The European Parliament has passed provisions to a bill that aims to monitor anonymous crypto transactions.
On 31st March, the ECON and LIBE committees voted to pass amendments to its Transfer of Funds Regulation, which would require cryptocurrency service providers, especially exchanges, to verify the identities of the owners of self-hosted wallets with which transactions are being initiated.
These rules will majorly affect transactions that are above 1,000 euros worth of crypto using self-hosted wallets, such as Trezor, Ledger, MetaMask, among others.
110 committee members were involved. 58 voted in support of the controversial crypto rules, while 52 voted against the amendments.
Another vote will be conducted today on the Transfer of Funds Regulation. With the look of things, the final vote is not expected to see much resistance. Before the final vote is conducted, the bill could face trilogues with the European Commission and European Council in mid-April.
Explaining the new rules in a series of tweets on 30th March, Coinbase CEO Brian Armstrong, said:
“This means before you can send or receive crypto from a self-hosted wallet, Coinbase will be required to collect, store, and verify information on the other party, which is a not our customer, before the transfer is allowed.
“Moreover, any time you receive 1,000 euros or more in crypto from a self-hosted wallet, Coinbase will be required to report you to the authorities. This applies even if there is no indication of suspicious activity.
“Imagine if the EU required your bank to report you to the authorities every time you paid your rent merely because the transaction was over 1,000 euros.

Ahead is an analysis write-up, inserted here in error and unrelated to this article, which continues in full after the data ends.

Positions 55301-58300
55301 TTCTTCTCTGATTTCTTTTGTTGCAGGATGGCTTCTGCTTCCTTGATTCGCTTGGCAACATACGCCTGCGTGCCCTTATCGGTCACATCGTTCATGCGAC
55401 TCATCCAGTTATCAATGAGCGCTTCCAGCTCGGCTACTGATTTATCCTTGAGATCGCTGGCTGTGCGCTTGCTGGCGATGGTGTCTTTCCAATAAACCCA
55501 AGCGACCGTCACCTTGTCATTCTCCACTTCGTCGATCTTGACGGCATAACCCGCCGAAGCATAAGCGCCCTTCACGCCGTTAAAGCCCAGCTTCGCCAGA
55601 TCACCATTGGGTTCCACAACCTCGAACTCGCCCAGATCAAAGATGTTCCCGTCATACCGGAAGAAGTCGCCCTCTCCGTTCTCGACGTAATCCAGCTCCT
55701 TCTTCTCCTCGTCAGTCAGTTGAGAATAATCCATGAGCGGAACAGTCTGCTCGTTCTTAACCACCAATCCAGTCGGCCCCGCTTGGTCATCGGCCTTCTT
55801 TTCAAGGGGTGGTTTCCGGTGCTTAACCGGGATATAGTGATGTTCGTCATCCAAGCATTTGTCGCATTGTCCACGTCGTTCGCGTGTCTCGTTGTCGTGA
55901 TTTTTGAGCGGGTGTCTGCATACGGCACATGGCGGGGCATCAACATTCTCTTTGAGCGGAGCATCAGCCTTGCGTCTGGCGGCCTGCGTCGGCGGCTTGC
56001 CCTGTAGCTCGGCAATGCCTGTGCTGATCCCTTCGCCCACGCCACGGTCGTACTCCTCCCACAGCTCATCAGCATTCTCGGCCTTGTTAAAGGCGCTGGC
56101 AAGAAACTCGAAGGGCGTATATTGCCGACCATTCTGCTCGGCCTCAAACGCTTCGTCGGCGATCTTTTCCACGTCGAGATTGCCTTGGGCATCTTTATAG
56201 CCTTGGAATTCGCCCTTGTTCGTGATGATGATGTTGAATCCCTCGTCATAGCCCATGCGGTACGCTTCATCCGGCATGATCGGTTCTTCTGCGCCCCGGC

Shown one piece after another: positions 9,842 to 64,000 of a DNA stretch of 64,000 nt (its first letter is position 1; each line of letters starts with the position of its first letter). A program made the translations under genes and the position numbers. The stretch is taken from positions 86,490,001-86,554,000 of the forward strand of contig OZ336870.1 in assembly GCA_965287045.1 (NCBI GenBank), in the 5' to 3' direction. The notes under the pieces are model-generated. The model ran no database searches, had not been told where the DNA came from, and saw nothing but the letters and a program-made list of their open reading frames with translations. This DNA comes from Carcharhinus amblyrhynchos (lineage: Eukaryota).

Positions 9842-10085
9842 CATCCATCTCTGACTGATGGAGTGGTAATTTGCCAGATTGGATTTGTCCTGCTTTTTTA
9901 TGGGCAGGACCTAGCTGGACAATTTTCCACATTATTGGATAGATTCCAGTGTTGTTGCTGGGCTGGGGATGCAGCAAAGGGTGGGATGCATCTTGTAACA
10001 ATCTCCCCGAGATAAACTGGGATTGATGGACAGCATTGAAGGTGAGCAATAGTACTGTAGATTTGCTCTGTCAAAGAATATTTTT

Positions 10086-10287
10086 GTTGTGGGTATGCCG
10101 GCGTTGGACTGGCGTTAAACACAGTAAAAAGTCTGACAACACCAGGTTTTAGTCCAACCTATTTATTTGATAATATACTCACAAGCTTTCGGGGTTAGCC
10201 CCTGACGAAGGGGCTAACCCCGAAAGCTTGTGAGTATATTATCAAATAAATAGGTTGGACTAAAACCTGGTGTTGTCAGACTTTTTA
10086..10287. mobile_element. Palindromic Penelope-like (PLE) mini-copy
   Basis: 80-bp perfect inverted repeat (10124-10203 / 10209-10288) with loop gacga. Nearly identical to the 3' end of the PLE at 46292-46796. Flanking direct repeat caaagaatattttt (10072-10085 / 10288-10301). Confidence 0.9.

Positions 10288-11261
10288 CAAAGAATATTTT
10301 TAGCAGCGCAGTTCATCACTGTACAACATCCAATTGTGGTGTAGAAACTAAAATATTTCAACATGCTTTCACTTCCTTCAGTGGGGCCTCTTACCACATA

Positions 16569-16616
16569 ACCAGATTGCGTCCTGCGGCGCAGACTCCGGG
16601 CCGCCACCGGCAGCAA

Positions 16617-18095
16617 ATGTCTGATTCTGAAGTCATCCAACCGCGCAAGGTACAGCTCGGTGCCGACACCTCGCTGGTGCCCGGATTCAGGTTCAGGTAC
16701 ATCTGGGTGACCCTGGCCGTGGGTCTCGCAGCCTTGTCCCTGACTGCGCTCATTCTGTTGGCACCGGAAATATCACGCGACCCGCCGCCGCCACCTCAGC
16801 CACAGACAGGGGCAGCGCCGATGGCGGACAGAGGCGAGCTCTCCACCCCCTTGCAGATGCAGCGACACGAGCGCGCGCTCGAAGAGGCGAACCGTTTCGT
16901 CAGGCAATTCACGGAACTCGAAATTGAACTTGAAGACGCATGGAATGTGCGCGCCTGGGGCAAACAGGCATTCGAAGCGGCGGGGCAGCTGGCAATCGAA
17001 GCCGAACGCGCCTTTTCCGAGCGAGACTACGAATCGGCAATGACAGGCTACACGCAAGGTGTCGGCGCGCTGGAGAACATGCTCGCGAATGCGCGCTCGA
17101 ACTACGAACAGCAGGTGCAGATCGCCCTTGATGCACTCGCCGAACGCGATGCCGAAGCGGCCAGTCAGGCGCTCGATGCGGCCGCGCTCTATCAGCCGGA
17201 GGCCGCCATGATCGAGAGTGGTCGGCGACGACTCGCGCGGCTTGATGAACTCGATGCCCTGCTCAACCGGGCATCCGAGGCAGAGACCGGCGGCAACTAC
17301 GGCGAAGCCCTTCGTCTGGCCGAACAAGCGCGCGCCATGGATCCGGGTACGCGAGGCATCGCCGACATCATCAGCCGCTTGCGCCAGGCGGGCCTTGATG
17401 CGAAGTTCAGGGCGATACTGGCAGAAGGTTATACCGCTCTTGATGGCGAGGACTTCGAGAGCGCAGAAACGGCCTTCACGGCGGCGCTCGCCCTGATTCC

“Or if you sent money to your cousin to help with groceries, the EU required your bank to collect and verify private information about your cousin before allowing you to send the funds. How could the bank even comply? The banks would push back. That’s what we are doing now.”
Paolo Ardoino, Tether, and Bitfinex CTO, also expressed his disappointment in the approval, stating that the new rules represent a setback for human rights.
Paolo Ardoino noted:
“Disappointed to see the proposal on self-hosted wallets passed today and hope the final vote on the report will take into consideration security risks and privacy violations that will transpire if enacted into law.
“Requiring crypto service providers to collect and verify personal data related to self-hosted wallets transfers raises major data and privacy concerns, and represents a big step back for human rights.
“Hope the ECON Committee will draft a text that would incentivise innovation, transparency as well as consumers’ protection in the EU.”